Developers are also keen on keeping the supply of lots balanced. To avoid a glut of lots on the market, builders are releasing lots in smaller bundles. That contrasts to back in 2005, when subdivision development peaked and 300 to 400 lots could come on the market at once, Slobotski said.
Keeping supply balanced may be key to sustaining the upswing in new home construction.
“I believe demand is always moving through a cycle,” Lanoha said. “I believe we are at a good place in the cycle, however, it is fragile and could quickly change with an increasing trend in supply.”
Developers also seem to be more careful of the sites they select. Before, “people used to go out and develop anything,” Falcone said. These days, a more successful strategy seems to be “follow the schools,” according to Slobotski, whose company develops the Copperfields and Five Fountains subdivisions with homes from $240,000 to $1 million. Homebuyers are clamoring to purchase in the Elkhorn school district.
Faced with burgeoning residential areas, Elkhorn Public Schools is preparing for a major growth spurt.
“Conservatively, we are looking at 1,000 new students every three years,” said superintendent Steve Baker. As development continues, the district is continually reworking its enrollment projections, he said.
According to the district’s master plan, Elkhorn will one day enroll 18,000 students. Last fall, K-12 enrollment was 6,798 students. About 350 seniors will graduate from Elkhorn’s two high schools this spring; more than 600 kindergartners will start school in August.
As the district grows, its high schools could transition from Class B to Class A. “It’s a common misconception that our goal is to operate only Class B high schools,” Baker said. “The goal has always been to provide smaller schools that offer more opportunities for students, regardless of athletic classification.”
Baker noted that before Elkhorn South High School opened in 2010, Elkhorn High School was a Class A school of about 1,350 students. As enrollment grows, both high schools will hit their intended capacity. “We know that both schools will eventually be Class A schools,” he said.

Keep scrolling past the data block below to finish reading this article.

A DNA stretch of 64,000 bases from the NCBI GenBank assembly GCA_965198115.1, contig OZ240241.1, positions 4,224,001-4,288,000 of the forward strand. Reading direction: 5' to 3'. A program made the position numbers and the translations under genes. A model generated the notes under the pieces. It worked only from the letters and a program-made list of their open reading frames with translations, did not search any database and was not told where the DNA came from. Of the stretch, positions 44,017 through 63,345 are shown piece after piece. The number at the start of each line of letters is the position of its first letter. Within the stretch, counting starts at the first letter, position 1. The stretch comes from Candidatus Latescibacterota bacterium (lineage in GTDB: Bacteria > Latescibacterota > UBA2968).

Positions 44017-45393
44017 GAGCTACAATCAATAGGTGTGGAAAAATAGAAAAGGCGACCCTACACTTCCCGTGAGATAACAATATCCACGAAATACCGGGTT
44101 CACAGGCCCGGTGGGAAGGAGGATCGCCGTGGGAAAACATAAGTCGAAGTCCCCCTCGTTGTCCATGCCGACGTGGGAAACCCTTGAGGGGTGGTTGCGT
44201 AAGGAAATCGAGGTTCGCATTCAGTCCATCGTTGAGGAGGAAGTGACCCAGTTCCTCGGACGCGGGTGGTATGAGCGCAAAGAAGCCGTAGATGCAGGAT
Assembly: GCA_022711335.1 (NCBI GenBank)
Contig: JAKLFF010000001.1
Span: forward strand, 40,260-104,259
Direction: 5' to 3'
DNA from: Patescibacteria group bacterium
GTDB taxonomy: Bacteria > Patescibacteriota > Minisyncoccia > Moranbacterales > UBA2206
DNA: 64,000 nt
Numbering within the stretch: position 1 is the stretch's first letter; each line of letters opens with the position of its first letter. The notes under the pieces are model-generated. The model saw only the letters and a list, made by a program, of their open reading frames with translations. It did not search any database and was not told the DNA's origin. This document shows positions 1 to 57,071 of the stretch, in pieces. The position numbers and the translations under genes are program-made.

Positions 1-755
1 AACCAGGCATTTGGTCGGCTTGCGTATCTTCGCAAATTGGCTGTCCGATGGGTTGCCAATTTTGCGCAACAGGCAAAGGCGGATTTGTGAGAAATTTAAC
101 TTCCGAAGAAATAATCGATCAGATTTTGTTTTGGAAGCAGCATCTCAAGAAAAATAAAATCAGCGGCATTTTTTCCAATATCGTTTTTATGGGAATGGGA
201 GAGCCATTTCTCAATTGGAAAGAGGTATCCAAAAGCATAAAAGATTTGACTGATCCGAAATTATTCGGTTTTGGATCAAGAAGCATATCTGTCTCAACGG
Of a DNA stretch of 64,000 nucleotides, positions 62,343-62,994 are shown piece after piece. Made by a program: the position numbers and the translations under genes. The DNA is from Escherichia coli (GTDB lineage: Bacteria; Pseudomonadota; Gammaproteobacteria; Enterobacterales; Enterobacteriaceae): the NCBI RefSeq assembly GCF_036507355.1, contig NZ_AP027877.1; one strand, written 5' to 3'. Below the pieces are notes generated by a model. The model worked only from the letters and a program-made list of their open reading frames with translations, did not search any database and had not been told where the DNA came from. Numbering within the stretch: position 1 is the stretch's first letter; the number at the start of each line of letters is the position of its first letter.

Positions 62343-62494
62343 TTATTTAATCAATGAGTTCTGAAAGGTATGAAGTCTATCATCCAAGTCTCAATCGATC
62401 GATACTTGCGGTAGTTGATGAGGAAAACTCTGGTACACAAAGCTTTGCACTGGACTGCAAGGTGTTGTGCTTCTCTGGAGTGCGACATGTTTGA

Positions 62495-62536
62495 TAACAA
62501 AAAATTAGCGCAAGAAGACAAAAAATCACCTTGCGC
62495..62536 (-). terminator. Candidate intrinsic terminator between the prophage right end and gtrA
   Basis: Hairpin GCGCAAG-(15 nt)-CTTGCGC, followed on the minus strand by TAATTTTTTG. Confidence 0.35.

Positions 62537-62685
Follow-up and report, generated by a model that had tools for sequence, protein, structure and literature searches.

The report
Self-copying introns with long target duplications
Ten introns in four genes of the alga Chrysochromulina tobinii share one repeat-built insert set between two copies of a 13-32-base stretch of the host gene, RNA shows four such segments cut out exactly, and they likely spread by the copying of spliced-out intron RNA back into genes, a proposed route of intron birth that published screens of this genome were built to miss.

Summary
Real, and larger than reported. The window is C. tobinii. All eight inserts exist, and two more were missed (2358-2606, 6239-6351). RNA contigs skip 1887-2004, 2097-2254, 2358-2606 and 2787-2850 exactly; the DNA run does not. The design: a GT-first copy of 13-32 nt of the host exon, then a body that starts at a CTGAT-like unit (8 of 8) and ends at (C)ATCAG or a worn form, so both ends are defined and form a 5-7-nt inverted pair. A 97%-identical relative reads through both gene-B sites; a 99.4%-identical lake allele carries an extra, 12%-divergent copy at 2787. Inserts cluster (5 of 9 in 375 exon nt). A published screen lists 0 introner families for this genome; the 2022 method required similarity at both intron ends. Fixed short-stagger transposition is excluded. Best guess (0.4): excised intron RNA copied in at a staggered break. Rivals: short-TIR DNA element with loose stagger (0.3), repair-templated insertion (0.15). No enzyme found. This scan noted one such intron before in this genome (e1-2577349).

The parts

While the pace of growth has quickened recently, the district boasts years of experience in accommodating enrollment increases. Elkhorn’s student population has grown for 27 consecutive years, Baker said. “With this kind of growth does come growing pains — boundary changes, crowding, hiring new staff, etc. — but we are fortunate to have a community that values education,” he said.
Since 1992, Elkhorn voters have passed nine major bond issues to fund new facilities to accommodate the growing student population. If the two high schools hit 1,500 students, the district will need additional schools. But right now, Elkhorn High School and Elkhorn South High School still have room to grow, and there are no plans for a third high school in the works.
“However, we do know it will be necessary to secure a location for a third high school in the near future,” Baker said.
With such strong interest in the Elkhorn area, developers expect sales to be brisk. “I think the Elkhorn area will continue to be one of the hotspots in the Omaha metro for the next four to six years,” said NP Dodge’s Slobotski.
The market is on the buyer’s side, said Petersen of the builders association. As home values have increased, people are able to use their existing home as a valuable and marketable asset to move forward with new construction. Pocket listings are on the rise, as real estate brokers search for perfect homes that aren’t on the market yet. Houses that sell the same day they are listed are appearing more and more, she said.
“Buyers looking for new construction should be aware of how fast their existing home may sell and be prepared,” she said. “If it’s priced right, be ready to move.”
Petersen noted that competition for lots is on the rise. While Elkhorn may not have a lot shortage just yet, the outlook is pushing the need for new subdivision development in 2015.
For prime locations, sales are hot. Falcone said he has ungraded lots already sold. Unlike prior years, buyers today aren’t hesitating to buy. “People feel better about the economy, the world and the market,” Falcone said. “And they know what’s there won’t be there forever.”
For articles like this, visit Our Home